Remember, insurance companies are always looking for ways to pay you less. They will look for anything to undermine your claims, regardless of how you feel. What you say and do after an accident matter.
Common items the insurance company will scrutinize include:
- Your credibility. There is always a chance your case will go to court. And if the insurance company thinks you are a bad witness, they are more likely to let it go to court. Always be truthful about what happened and how you are feeling. Lying or exaggerating your symptoms can hurt your case.
- Your history. The insurance company will do a deep dive into your social and medical history. If you have any previous health conditions or accidents, the insurance company will find them. If you have any preexisting conditions, the insurance company will likely claim they caused your pain, not the accident. Once again, it is important to be truthful. Tell your attorney about any previous injuries or accidents. Just because you had a preexisting condition, that does not mean your accident did not aggravate your condition.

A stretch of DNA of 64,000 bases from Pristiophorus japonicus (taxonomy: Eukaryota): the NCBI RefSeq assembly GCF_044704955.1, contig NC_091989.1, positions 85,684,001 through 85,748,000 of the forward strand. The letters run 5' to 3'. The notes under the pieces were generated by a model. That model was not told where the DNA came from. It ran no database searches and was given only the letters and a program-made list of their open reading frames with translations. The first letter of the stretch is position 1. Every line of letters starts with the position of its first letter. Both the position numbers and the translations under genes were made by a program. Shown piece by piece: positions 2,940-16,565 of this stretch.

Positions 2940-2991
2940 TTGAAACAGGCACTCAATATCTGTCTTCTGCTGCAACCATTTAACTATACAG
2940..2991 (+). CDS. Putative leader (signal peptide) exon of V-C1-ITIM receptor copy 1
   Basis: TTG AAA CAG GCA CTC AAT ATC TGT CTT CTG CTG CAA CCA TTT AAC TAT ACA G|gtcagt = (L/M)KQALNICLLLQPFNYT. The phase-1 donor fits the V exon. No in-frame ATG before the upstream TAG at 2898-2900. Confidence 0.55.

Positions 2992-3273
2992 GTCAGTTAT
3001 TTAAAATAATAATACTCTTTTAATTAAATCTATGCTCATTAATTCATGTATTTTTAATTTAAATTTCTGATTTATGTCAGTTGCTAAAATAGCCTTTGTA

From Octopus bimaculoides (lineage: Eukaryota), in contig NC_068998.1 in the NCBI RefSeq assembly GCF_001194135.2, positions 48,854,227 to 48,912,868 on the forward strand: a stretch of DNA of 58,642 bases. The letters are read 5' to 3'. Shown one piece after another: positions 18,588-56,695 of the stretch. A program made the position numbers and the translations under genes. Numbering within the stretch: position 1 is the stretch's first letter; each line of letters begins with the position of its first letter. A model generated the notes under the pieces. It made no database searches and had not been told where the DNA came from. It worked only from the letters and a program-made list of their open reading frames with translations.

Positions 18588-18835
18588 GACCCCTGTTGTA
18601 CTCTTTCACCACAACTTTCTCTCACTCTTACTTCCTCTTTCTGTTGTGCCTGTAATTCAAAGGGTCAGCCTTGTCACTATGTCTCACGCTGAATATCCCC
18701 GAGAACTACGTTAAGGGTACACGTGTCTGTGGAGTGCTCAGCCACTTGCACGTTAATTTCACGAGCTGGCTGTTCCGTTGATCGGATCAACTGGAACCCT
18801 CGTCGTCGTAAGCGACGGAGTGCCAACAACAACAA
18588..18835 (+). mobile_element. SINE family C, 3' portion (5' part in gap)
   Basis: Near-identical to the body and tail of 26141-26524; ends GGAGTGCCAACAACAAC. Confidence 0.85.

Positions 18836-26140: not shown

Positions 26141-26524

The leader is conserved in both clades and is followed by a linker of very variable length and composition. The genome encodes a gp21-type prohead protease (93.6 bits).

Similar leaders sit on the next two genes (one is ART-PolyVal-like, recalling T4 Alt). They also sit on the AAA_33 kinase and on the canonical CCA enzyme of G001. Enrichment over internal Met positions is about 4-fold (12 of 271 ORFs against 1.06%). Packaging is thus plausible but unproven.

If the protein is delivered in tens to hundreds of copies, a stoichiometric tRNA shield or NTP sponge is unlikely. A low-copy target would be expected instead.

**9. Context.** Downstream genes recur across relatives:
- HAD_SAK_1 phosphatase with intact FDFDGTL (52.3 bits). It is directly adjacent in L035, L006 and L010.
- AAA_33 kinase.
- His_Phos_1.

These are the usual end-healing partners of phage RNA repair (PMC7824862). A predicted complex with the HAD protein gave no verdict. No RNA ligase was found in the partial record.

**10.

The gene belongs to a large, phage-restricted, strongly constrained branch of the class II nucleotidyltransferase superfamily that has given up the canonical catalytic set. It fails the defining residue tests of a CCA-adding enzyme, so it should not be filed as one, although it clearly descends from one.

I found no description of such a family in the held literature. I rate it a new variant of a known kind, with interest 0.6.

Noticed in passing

- Your activity. It is not uncommon for insurance companies to thoroughly review a victim's social media accounts or track their daily activity. Some insurance companies even hire private investigators to follow you to catch you doing something wrong. It is never a good idea to talk about your accident on social media or post pictures of the accident. You should also avoid posting any pictures or participating in activities that may have the insurance company question the validity of your claims.
Other costs included in your personal injury case
Personal injury cases typically include economic and non-economic damages. Pain and suffering falls under the non-economic damages category. Economic damages are any costs that have a direct, computable value. These are costs you can prove with a receipt or a paystub. Examples of economic damages include:
Did you know that the average cost of a three-day stay in a hospital is approximately $30,000? Health care costs are one of the biggest expenses after an injury. A personal injury case aims to recover all medical costs, dollar-for-dollar.
These costs can include:
- Hospital stays
- Doctor visits
- Medical equipment
- Lab tests
- Travel costs to and from appointments
While most cases only include costs incurred after the accident and through settlement negotiations, severe injuries may merit future medical costs.